Broadcom's first quarter results were better-than-expected as technology buyers plan to closely watch comments about retaining VMware customers. Broadcom's chip business continues to benefit from the AI buildout.

The company reported first quarter earnings of $1.32 billion, or $2.84 a share, on revenue of $11.96 billion, up 34% from a year ago. Non-GAAP earnings for the first quarter were $10.99 a share. Revenue growth excluding VMware was 11% in the first quarter.

Wall Street was expecting Broadcom to report first quarter earnings of $10.42 a share on revenue of $11.72 billion.

Broadcom CEO Hock Tan said the acquisition of VMware is "accelerating revenue growth in our infrastructure software segment, as customers deploy VMware Cloud Foundation." He also noted that networking demand was strong as data centers retool for AI.

While Tan talked up VMware, signals in the field are less than positive.

Broadcom reiterated its fiscal 2024 guidance of revenue of $50 billion and adjusted EBITDA of $30 billion.

In the first quarter semiconductor revenue was 62% of revenue with infrastructure software (CA and VMware primarily) was 38%.

Tan said VMware will grow at a double-digit percentage rate sequentially. "This is simply a result of our strategy with VMware," said Tan. "We are focused on upselling customers, particularly those who are already running their compute workloads on vSphere virtualization tools, to upgrade to VMware Cloud Foundation otherwise branded as VCF."

"VCF is the complete software stack, integrating compute, storage and networking that virtualizes and modernizes our customers data centers. This on-prem self-service cloud platform provides our customers with a competent and an alternative to public cloud."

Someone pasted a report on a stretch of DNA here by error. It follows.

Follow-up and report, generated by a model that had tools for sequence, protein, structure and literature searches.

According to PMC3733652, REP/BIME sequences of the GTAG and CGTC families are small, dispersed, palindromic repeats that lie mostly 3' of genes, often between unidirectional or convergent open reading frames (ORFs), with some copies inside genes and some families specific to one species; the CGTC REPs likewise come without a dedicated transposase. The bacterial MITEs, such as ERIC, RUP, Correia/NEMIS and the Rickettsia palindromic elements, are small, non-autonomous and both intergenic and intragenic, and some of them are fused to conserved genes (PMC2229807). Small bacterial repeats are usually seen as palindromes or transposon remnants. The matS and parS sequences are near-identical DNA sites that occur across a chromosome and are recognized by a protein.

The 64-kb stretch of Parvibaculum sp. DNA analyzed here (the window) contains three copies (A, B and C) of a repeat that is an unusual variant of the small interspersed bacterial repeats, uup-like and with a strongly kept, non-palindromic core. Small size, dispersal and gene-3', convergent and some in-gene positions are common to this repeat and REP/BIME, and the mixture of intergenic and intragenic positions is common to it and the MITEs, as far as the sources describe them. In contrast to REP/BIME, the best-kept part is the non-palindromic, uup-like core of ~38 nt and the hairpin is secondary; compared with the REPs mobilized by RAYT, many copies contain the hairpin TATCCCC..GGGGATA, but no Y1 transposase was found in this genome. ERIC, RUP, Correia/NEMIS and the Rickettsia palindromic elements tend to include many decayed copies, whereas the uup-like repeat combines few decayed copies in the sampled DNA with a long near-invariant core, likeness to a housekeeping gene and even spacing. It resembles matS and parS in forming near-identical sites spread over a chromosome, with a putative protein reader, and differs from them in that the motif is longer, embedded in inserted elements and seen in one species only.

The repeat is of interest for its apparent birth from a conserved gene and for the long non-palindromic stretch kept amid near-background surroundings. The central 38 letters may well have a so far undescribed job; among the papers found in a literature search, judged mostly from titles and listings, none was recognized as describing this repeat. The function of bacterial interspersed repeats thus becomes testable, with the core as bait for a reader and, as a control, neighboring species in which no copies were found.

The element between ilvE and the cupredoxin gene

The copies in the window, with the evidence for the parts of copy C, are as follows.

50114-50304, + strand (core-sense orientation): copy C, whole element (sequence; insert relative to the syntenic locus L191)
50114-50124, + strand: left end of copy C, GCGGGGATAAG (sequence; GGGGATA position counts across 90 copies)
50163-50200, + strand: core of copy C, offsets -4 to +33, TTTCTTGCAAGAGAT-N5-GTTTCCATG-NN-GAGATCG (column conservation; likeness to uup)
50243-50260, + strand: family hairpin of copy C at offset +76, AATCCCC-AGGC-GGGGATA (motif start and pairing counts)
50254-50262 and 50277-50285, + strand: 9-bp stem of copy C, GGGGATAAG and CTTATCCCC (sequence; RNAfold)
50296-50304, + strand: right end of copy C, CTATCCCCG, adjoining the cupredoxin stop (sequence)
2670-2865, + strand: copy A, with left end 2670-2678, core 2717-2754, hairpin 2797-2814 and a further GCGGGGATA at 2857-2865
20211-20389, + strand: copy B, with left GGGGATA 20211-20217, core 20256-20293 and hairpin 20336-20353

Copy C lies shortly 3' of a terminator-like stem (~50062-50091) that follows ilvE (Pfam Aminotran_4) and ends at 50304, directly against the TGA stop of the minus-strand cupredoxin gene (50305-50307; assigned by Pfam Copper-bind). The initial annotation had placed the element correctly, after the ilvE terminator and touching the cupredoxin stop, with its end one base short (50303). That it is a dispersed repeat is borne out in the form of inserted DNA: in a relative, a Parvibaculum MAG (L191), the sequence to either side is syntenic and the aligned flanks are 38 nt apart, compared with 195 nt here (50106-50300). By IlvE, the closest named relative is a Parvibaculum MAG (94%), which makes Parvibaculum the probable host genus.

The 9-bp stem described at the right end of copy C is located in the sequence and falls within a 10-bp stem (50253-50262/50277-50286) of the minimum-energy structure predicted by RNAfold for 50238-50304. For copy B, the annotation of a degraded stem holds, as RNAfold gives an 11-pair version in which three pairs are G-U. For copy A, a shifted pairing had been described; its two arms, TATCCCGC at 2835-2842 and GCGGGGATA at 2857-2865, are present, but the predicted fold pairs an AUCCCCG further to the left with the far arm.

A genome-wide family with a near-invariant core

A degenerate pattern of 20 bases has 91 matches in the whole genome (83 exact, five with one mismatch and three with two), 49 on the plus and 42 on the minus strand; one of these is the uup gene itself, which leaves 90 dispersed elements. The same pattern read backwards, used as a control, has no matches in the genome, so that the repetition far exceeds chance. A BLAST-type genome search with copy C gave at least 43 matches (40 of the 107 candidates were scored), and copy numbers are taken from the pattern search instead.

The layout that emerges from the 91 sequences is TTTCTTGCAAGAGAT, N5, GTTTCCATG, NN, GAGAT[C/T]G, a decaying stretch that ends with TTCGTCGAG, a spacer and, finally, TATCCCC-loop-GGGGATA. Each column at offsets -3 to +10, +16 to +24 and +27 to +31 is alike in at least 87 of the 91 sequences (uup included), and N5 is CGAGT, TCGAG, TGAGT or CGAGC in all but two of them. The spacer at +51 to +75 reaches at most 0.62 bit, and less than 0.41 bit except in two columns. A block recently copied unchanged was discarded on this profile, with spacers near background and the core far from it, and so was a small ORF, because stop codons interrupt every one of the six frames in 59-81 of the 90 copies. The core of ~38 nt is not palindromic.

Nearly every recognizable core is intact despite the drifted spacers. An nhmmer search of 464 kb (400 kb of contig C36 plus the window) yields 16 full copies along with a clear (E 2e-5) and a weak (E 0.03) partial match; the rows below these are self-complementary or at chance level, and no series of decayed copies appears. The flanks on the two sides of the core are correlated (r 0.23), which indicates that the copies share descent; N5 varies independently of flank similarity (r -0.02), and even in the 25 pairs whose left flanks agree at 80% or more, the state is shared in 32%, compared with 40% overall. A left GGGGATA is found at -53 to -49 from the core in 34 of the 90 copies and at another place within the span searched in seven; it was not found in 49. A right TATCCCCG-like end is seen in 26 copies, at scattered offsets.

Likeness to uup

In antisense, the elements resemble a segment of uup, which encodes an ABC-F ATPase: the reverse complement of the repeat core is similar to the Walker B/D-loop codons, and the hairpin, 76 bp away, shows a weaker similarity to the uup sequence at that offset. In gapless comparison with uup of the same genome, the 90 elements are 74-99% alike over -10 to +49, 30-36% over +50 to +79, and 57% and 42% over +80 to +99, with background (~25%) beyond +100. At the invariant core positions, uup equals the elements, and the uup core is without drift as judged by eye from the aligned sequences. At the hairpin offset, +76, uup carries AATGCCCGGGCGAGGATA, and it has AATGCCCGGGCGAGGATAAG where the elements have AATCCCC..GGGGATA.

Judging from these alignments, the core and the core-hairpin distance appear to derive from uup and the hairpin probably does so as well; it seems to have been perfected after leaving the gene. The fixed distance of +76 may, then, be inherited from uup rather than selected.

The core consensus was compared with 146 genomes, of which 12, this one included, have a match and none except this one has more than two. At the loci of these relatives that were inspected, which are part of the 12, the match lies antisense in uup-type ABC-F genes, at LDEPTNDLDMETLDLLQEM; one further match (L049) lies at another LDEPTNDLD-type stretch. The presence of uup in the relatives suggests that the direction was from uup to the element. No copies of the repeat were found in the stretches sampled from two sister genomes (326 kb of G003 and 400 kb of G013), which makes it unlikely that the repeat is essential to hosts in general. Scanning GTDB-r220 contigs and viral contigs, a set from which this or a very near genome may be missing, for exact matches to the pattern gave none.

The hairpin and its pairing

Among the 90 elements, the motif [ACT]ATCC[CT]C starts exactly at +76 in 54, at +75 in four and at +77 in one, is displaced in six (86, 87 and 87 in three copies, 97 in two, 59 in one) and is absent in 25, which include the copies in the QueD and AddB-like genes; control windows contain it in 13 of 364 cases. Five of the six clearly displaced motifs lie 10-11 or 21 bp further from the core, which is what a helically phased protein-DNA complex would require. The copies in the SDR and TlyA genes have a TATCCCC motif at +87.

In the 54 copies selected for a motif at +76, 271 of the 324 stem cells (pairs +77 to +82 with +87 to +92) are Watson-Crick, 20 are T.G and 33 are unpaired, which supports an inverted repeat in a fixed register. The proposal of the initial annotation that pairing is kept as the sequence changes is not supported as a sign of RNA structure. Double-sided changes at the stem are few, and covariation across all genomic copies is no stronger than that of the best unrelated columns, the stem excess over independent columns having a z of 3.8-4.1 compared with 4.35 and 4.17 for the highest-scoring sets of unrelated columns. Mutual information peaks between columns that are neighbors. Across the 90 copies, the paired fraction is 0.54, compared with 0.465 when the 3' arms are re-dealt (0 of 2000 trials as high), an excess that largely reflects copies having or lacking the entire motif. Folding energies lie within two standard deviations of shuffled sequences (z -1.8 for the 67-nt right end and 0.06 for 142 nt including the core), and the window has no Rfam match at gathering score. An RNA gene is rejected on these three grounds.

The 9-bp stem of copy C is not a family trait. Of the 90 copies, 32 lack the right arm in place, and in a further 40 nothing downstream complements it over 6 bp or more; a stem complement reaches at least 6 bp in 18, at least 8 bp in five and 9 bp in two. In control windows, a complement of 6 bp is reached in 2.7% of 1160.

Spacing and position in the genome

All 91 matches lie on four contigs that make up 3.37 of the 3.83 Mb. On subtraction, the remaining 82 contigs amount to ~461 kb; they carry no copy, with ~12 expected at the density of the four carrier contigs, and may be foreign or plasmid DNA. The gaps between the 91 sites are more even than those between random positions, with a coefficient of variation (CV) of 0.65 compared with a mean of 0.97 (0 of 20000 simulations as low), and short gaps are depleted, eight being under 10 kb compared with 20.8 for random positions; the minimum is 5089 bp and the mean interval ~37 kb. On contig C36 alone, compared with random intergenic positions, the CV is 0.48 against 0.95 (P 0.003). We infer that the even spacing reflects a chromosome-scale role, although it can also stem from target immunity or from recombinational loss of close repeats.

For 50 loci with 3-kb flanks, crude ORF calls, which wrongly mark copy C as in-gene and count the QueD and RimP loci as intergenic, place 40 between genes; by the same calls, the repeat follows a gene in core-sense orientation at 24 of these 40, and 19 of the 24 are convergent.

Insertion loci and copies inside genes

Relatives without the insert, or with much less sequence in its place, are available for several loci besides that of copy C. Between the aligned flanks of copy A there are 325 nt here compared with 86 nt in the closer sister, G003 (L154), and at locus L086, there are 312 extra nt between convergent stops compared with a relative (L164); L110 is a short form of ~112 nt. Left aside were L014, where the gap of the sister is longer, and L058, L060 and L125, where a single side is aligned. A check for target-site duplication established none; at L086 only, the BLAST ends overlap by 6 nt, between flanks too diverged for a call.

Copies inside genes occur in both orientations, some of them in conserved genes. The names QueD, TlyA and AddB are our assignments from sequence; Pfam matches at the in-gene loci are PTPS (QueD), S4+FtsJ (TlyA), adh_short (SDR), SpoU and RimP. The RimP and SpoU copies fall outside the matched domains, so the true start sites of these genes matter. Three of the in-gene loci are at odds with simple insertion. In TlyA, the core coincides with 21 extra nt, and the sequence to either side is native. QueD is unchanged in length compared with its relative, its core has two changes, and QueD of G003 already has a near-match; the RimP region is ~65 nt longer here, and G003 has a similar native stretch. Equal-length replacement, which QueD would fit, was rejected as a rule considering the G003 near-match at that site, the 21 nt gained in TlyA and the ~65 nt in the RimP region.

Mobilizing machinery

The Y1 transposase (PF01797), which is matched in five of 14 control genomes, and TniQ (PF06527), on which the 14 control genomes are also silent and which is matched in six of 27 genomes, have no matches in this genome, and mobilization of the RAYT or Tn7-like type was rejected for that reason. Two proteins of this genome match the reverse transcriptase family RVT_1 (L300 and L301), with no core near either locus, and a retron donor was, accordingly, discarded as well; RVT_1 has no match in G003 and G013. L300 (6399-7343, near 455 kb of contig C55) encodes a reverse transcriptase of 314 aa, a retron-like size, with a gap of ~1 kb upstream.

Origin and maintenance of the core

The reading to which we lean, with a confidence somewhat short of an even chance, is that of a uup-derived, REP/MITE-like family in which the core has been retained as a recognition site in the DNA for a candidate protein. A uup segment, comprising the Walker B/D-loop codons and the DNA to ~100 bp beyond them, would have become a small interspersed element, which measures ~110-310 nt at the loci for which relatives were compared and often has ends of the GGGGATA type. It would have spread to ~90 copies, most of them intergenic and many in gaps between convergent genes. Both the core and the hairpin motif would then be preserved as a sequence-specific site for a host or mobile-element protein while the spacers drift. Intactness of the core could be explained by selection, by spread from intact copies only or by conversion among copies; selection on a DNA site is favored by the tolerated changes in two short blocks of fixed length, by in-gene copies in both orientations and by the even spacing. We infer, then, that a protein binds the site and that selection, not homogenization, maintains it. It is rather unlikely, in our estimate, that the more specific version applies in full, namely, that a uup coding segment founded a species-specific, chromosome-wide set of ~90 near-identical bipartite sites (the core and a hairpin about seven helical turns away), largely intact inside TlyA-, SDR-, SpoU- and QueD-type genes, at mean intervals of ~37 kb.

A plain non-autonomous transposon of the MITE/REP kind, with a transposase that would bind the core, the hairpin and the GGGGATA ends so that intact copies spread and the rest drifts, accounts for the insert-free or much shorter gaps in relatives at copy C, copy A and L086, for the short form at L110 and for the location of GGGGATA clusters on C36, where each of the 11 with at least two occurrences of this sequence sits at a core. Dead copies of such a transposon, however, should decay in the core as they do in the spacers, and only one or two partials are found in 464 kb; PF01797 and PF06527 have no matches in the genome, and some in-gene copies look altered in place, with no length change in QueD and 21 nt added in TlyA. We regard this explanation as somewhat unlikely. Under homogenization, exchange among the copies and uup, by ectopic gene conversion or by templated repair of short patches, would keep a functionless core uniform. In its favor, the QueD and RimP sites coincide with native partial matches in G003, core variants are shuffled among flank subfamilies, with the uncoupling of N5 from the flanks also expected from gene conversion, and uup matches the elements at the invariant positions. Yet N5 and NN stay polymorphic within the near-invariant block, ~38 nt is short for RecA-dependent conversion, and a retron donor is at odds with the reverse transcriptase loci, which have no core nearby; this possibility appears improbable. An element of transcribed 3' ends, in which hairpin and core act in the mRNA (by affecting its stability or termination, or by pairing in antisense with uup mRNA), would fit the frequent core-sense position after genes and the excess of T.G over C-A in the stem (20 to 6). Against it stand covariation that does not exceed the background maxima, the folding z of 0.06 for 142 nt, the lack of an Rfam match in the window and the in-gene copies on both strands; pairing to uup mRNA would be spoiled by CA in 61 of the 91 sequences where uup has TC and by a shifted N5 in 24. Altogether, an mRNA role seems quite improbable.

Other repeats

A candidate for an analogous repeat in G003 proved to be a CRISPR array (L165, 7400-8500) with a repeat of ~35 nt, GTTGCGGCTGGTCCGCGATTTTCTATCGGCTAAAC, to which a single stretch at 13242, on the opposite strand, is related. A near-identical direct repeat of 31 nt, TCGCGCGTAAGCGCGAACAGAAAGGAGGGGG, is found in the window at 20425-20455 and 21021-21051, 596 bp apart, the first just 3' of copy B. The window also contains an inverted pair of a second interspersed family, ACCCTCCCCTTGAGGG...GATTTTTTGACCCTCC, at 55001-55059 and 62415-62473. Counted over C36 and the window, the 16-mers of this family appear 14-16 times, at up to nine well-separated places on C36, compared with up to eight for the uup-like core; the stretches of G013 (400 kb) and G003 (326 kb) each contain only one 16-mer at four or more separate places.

In other words, Tan's bet is that if VMware upsells you will come. Tan also said that AI workloads will be more on-premises for cost savings and that means VCF.  

Tan was asked about VMware upselling with a bit of skepticism. Tan said:

"We're very focused on selling upselling and helping customers to not just buy but deploy this private cloud, but what we call virtual private cloud solution or platform on their on-prem data centers. It has been very successful so far, and I agree that it's early evenings at this point. We've been very prepared to launch this push on private cloud."

Tan was also asked about VMware's annual revenue run rate and Tan agreed that the company is still at a $11 billion to $12 billion pace. Analysts were focused on VMware questions even after starting with AI questions. 

Tan said Broadcom is focusing on go-to-market and engineering VCF so it is more easily deployed. He added that the focus is on about 1,000 strategic customers that will be on-premises and leveraging hybrid deployments. "Most of these customers do not have an on-prem data center that resembles what's in the cloud, which is very high availability. very low latency, and highly resilient," said Tan. "What we are offering with VCF replicates what you get in the public cloud and we are seeing it in the level of bookings."

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